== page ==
Here’s What The Bible Really Says About Getting Revenge

They say that revenge is a dish best served cold. The core concept here seems to be that when you’ve been wronged, it’s best to wait, plot some even-more-devious wrong, and inflict it right back on whoever it was that slighted you in the first place.

There’s some logic to this idea, and it’s surely been central to the plot of many great sitcom episodes. Sadly, though, it’s also been central to the motives for many tragic killings. In 2013, for instance, Anxiang Du, doctor of Chinese medicine, was charged with the murders of Jifeng Ding, his wife, and their two children. Facing the loss of a hard-fought legal dispute with the husband and wife, William Harbage of the prosecution stated that the reason for the tragic killings was “simply revenge,” per The Guardian. The issue with revenge is that it’s a slippery slope. What makes one act unjust, and a retaliatory act not so? Here’s what the Bible has to say on this tricky subject.

There's no righteousness in revenge

The Christian God, while a benevolent and all-knowing Lord, is not a deity to underestimate. As Biblica reports, God turned Lot’s wife into a pillar of salt and dispenses His wrath in countless other dramatic ways throughout the course of the Bible. But Romans 12:19 makes clear that nobody else is to avenge another’s actions, as the Lord holds this authority and nobody is perfect. “Do not take revenge, my dear friends,” it begins, in a wise and turn-the-other-cheek sort of way. It then adds an ominous, “… leave room for God’s wrath, for it is written: ‘It is mine to avenge; I will repay,’ says the Lord.” Further, Deuteronomy 32:35 adds: “In due time their foot will slip; their day of disaster is near and their doom rushes upon them.” Don’t, in short, incriminate yourself by stooping to another’s level.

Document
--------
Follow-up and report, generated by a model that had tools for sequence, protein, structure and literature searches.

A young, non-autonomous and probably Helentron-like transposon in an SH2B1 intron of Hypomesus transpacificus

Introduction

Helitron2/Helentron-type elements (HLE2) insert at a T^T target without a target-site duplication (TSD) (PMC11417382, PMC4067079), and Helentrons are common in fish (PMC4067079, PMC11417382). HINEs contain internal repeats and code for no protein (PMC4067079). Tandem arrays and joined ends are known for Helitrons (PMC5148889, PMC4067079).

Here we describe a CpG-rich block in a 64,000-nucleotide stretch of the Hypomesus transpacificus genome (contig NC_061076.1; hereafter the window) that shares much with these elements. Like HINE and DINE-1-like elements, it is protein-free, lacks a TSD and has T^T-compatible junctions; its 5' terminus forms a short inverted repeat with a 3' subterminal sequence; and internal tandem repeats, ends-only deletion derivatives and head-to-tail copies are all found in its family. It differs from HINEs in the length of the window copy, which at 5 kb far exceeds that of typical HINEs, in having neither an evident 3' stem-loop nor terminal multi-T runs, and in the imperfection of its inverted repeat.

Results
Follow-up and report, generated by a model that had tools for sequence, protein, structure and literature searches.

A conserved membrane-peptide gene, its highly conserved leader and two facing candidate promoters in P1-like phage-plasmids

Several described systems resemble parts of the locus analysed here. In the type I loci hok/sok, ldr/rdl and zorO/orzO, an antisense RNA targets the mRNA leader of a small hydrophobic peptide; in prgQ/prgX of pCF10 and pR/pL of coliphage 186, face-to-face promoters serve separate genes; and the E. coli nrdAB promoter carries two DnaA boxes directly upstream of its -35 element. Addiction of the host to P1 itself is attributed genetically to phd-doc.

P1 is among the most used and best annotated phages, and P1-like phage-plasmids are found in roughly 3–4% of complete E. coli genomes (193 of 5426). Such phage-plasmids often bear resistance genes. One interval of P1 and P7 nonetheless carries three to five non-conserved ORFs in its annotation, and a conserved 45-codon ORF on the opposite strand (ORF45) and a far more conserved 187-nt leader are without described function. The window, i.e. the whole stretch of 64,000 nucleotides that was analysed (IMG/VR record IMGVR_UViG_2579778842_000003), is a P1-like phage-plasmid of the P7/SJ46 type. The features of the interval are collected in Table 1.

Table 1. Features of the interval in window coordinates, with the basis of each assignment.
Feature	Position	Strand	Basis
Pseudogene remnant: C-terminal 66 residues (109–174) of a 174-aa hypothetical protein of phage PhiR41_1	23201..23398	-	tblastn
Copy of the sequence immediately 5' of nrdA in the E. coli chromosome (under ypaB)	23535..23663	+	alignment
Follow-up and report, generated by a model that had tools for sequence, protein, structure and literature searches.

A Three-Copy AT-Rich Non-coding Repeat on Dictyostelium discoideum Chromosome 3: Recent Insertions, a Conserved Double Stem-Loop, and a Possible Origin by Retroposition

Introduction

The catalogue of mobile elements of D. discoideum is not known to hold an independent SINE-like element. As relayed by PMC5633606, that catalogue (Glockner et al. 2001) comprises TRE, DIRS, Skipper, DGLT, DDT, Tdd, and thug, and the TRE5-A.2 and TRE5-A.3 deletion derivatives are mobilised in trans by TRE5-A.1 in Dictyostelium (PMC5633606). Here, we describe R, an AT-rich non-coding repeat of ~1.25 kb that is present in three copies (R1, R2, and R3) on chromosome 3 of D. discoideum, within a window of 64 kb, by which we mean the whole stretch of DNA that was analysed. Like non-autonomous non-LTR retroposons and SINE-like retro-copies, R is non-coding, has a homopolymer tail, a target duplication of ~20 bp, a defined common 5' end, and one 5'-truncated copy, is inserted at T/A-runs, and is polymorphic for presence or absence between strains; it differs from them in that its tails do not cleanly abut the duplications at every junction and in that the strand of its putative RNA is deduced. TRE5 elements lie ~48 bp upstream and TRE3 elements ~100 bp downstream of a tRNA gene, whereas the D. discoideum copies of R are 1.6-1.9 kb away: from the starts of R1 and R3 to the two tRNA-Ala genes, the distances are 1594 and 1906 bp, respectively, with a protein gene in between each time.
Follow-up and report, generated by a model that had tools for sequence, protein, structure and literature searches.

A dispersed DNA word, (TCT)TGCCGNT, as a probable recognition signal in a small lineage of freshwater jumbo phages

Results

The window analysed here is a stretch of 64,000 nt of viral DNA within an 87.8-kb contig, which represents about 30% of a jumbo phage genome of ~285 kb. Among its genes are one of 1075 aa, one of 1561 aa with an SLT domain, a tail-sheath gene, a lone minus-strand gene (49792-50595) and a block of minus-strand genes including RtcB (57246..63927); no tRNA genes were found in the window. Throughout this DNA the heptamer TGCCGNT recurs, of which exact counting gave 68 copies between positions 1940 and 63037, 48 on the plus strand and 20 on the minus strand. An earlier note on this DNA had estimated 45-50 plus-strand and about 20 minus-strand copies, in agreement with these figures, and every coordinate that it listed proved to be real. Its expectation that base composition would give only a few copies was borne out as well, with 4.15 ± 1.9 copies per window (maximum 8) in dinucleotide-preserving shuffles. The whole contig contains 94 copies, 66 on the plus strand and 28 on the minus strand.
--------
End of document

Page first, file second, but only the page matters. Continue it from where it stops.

This isn’t to say that the Bible doesn’t mandate believers calling out the sins of their fellows. “If your brother or sister sins, go and point out their fault,” as Matthew 18:15 puts it. Taking revenge, on the other hand, is a judgment, seemingly an imposition on the will and authority of God. Instead, the Bible teaches kindness in the face of adversity, as per Thesallonians 5:15: “Make sure that nobody pays back wrong for wrong, but always strive to do what is good for each other.”

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